Drink specials, food specials, bingo, poker, what's not to like?
Olde Towne Inn in Chicago suburb Elgin is a sneaky dive bar, a spot that looks like an unassuming home converted into a bar at the interchange of two prime thoroughfares. But hidden behind the pale brown siding and bright green sign is Elgin’s oldest bar & grill (so says that same green and yellow sign), a local institution founded as a barbecue restaurant in 1927 that survived Prohibition to begin offering alcohol after Prohibition’s repeal in 1933. The decades have rolled quickly since then, but Olde Towne Inn’s status as Elgin community hub remains intact today.
The legal name of the Elgin dive bar may be Olde Towne Inn, but this is spiritually Smitty’s, founded by namesake William “Smitty” Schmitz in 1927. After a stint as Southside Annie’s, the space took on its current name of Olde Towne Inn and was subsequently sold to current owner Patsy Maple in 2015. In honor of the bar’s 90th anniversary, the word “Smitty’s” was added back to the sign affixed to the building, creating the combined name of Smitty’s Olde Towne Inn, all of it done with the blessing of Schmitz’s grandson, John Smitz, who played a role in the 90th anniversary festivities.
But as interesting as the name of the space may be, the original features inside set it apart, including the original bar, classic single pane windows and arches that today separate the two rooms of the bar but once served as garage doors to a single room space. The curved bar that dominates Olde Towne Inn’s front room is the centerpiece of the space’s preservation, faded pictures showing the clear consistency between the bar as it stood in 1927 and the one that exists today with little if any change brought on by the decades that followed its construction.
But maybe the most endearing aspect of Olde Towne Inn is its constant stream of community-building events that ranges from free nacho bars during football games to free poker nights to outdoor movie screenings that take advantage of the large parking lot behind the building. Bing on Tuesdays, poker on Thursdays, karaoke every weekend, food specials every week, the list goes on and on, the clear sign of a dive bar putting in the effort to create communal moments and new reasons to visit in a way that builds up familiar regulars and repeat visitors. In a nod to Smitty’s 1927 roots, weekend barbecues take place on a large smoker stationed out back.
All of that work contributes to the welcoming vibe felt upon setting foot inside the space, which for those parking in the lot behind the building means walking through a part outdoor, part indoor pool room porch hybrid that extends off of the main structure. String lights and drink ledges make this a comfortable alcove for a game of pool or for overflow seating during one of the site’s many parking lot-related events that include move nights but also extend into car shows and other occasions.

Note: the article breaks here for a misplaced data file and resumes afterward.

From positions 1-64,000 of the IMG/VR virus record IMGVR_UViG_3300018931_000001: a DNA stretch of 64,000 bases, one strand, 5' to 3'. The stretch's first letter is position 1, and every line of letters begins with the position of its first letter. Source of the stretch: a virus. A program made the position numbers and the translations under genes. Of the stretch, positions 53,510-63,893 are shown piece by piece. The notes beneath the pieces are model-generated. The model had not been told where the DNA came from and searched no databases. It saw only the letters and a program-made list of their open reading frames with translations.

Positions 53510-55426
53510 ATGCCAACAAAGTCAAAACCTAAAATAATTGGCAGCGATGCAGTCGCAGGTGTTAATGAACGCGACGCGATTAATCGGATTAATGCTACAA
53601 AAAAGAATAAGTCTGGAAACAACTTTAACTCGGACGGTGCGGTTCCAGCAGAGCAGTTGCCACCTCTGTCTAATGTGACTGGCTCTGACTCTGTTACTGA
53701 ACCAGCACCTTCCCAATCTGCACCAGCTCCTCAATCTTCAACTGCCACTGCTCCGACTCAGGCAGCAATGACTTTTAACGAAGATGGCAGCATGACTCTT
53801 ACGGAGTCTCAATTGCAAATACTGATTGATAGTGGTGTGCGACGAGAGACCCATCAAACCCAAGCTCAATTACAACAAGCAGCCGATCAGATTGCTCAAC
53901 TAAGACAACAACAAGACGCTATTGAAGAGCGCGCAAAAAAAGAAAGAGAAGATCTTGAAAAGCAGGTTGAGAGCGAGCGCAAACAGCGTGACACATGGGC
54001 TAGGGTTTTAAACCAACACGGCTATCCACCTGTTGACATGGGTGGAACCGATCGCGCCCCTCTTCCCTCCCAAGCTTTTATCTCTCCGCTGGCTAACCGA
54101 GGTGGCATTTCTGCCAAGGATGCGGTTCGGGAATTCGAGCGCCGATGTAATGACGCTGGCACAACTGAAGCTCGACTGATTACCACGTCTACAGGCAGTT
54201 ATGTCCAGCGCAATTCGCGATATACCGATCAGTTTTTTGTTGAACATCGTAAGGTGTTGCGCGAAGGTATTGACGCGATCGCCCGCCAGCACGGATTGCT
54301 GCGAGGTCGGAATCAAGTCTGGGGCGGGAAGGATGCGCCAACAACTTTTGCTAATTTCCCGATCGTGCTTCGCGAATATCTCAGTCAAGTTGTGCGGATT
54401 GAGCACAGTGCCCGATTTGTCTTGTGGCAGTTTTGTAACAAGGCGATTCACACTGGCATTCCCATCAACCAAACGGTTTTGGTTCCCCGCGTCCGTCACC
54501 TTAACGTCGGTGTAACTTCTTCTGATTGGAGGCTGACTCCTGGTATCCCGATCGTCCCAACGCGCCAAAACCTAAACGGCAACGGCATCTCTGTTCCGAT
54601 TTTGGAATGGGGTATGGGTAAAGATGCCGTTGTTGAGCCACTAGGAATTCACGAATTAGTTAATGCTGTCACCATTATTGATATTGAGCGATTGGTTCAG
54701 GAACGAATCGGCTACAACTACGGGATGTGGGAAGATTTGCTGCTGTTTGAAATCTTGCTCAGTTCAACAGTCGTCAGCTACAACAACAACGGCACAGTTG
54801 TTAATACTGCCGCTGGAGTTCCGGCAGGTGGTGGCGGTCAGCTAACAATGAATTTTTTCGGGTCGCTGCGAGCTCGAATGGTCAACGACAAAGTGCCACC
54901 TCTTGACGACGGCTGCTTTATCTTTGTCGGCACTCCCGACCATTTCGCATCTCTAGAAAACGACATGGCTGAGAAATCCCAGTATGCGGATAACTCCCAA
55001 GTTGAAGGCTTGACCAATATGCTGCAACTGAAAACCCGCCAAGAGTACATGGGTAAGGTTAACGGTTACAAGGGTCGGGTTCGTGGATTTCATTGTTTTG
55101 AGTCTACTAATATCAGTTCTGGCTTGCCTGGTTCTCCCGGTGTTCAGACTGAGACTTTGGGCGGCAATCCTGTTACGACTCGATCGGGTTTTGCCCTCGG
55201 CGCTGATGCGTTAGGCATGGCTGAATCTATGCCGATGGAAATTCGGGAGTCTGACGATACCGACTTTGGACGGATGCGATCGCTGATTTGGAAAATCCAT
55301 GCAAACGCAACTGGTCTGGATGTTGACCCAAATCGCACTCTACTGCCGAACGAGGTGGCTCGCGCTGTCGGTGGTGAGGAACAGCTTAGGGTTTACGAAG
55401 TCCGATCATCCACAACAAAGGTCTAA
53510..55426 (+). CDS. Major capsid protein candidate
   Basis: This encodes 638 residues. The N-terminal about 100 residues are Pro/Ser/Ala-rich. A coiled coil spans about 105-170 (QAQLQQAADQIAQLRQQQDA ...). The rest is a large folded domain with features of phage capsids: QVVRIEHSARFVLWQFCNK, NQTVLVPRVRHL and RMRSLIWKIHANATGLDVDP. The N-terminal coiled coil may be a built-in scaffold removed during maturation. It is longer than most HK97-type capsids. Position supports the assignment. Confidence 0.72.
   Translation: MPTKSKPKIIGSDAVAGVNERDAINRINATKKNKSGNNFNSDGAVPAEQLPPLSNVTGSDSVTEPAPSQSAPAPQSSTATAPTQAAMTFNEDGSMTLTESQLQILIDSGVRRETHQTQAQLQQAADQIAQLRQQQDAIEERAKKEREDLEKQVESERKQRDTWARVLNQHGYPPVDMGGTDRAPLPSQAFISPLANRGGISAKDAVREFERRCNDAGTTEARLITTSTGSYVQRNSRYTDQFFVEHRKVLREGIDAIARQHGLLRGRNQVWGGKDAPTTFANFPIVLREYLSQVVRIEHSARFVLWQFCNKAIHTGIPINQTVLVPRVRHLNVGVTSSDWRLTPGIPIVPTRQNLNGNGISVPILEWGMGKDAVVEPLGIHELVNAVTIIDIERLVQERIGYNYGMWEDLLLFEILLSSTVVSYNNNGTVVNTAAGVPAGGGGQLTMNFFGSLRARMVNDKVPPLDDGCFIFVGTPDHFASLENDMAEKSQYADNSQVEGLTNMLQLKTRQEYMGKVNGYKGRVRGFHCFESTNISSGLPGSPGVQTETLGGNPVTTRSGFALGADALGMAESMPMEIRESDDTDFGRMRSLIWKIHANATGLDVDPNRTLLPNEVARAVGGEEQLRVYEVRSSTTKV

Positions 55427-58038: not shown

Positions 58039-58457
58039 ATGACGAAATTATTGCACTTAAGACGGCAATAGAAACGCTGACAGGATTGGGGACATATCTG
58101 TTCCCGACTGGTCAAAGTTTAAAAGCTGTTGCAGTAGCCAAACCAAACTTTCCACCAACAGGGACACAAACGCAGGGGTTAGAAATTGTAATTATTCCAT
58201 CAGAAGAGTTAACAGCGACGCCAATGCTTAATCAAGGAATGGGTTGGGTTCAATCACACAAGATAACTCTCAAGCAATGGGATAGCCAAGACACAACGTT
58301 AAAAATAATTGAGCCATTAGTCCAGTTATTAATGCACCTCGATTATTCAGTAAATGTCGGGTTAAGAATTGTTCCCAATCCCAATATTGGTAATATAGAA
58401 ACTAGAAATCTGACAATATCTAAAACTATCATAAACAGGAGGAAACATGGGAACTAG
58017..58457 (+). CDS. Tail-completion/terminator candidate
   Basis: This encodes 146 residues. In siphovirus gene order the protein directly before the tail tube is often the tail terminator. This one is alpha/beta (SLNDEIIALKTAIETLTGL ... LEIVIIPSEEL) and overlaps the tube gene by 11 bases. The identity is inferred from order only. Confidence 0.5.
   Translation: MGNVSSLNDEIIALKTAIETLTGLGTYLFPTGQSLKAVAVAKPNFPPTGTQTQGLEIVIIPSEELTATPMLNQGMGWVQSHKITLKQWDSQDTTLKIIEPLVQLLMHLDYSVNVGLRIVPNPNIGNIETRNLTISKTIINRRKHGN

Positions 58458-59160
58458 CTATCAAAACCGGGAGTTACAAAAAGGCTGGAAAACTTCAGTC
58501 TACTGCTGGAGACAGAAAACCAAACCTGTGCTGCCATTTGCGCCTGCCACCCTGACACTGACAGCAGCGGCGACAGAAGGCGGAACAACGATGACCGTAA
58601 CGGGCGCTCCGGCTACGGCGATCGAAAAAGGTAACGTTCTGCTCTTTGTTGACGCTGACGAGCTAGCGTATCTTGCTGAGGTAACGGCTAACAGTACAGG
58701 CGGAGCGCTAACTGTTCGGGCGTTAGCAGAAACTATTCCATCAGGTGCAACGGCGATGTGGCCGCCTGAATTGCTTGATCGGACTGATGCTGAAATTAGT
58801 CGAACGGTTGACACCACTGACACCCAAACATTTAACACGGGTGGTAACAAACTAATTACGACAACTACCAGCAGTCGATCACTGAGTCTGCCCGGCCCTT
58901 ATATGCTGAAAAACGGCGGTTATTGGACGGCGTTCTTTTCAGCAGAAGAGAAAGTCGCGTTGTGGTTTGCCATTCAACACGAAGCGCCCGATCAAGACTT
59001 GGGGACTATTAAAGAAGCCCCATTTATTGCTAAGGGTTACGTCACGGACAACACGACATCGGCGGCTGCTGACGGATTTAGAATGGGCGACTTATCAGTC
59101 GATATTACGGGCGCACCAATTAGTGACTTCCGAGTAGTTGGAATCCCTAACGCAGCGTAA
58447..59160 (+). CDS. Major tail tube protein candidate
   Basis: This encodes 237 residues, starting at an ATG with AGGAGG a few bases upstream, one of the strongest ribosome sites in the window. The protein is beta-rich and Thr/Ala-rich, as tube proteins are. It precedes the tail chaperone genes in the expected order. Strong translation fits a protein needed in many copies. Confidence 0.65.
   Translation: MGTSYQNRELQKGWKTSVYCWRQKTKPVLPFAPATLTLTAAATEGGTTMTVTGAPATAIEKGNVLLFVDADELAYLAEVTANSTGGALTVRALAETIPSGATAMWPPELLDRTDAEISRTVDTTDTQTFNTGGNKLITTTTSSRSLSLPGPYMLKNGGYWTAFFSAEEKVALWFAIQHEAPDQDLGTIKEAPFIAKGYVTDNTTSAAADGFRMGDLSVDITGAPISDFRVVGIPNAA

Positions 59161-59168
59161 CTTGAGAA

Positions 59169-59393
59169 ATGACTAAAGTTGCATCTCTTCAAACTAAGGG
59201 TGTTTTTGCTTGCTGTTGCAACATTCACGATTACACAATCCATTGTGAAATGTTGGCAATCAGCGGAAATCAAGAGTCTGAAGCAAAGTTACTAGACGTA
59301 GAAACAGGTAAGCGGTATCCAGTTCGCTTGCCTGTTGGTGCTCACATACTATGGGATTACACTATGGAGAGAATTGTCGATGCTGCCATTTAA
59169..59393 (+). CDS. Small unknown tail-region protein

During the transition to Maple’s ownership, a series of renovations took place to preserve as many original elements as possible while positioning the structure for long-term viability. Those moves included very visible elements like fresh flooring, a handful of new windows and new furnishings. The porch area was also constructed and a new HVAC system installed in addition to kitchen updates that have unlocked new offerings. Even for those not drinking, the food specials alone are worth a visit to Olde Towne Inn, some specials going as low as $1 hamburger night or sandwich and soup combos in the neighborhood of $5.
For a dive bar with Olde Towne Inn’s history, balancing the polish of renovations with the soul of a timeless space is difficult. The space today does exactly that, a secondary space positioned as a surprisingly large seating area with modern bar elements like digital dart boards and Chicago-licensed gaming machines made available. But a little context for the space opens up a new level of appreciation, this area reclaimed from what was once a garage attached to the main structure, two arches that serve today as interior transitions once used as garage doors.
Through those arches, the original bar curves around the remaining space, offering that classic dive bar community feeling created by basically forcing people to look at each other while they drink. On this reviewer’s visit, that meant joining a group conversation almost seamlessly, jumping in on local and non-local topics, everything friendly, everything communal, a testament to the community built by Olde Towne Inn. Liquor bottles sit on a small island in the center of the horseshoe bar, a handful of beer taps available as well.
Decorations mix fresh signs with faded photos, a few elements of Smitty’s days gone by visible in places, including a handful of black and white photos above the transition to a third, back area that houses additional gaming machines. A handful of neon beer signs mingle with novelty signs, all of it dispersed in a measured deliberate way rather than the clutter that sometimes characterizes dive bar décor.
Simply put, it would be difficult to find a more community-focused, welcoming neighborhood dive bar than Olde Towne Inn, a fact made all the more impressive by the pre-Prohibition history found in its structure. Renovations have polished up some previously rough edges, but the bar, the arches, the windows, they all let the bones of this 1927 original shine through, the kind of balance that is hard to achieve but done exceedingly well by this Elgin staple rightfully labeled a community institution.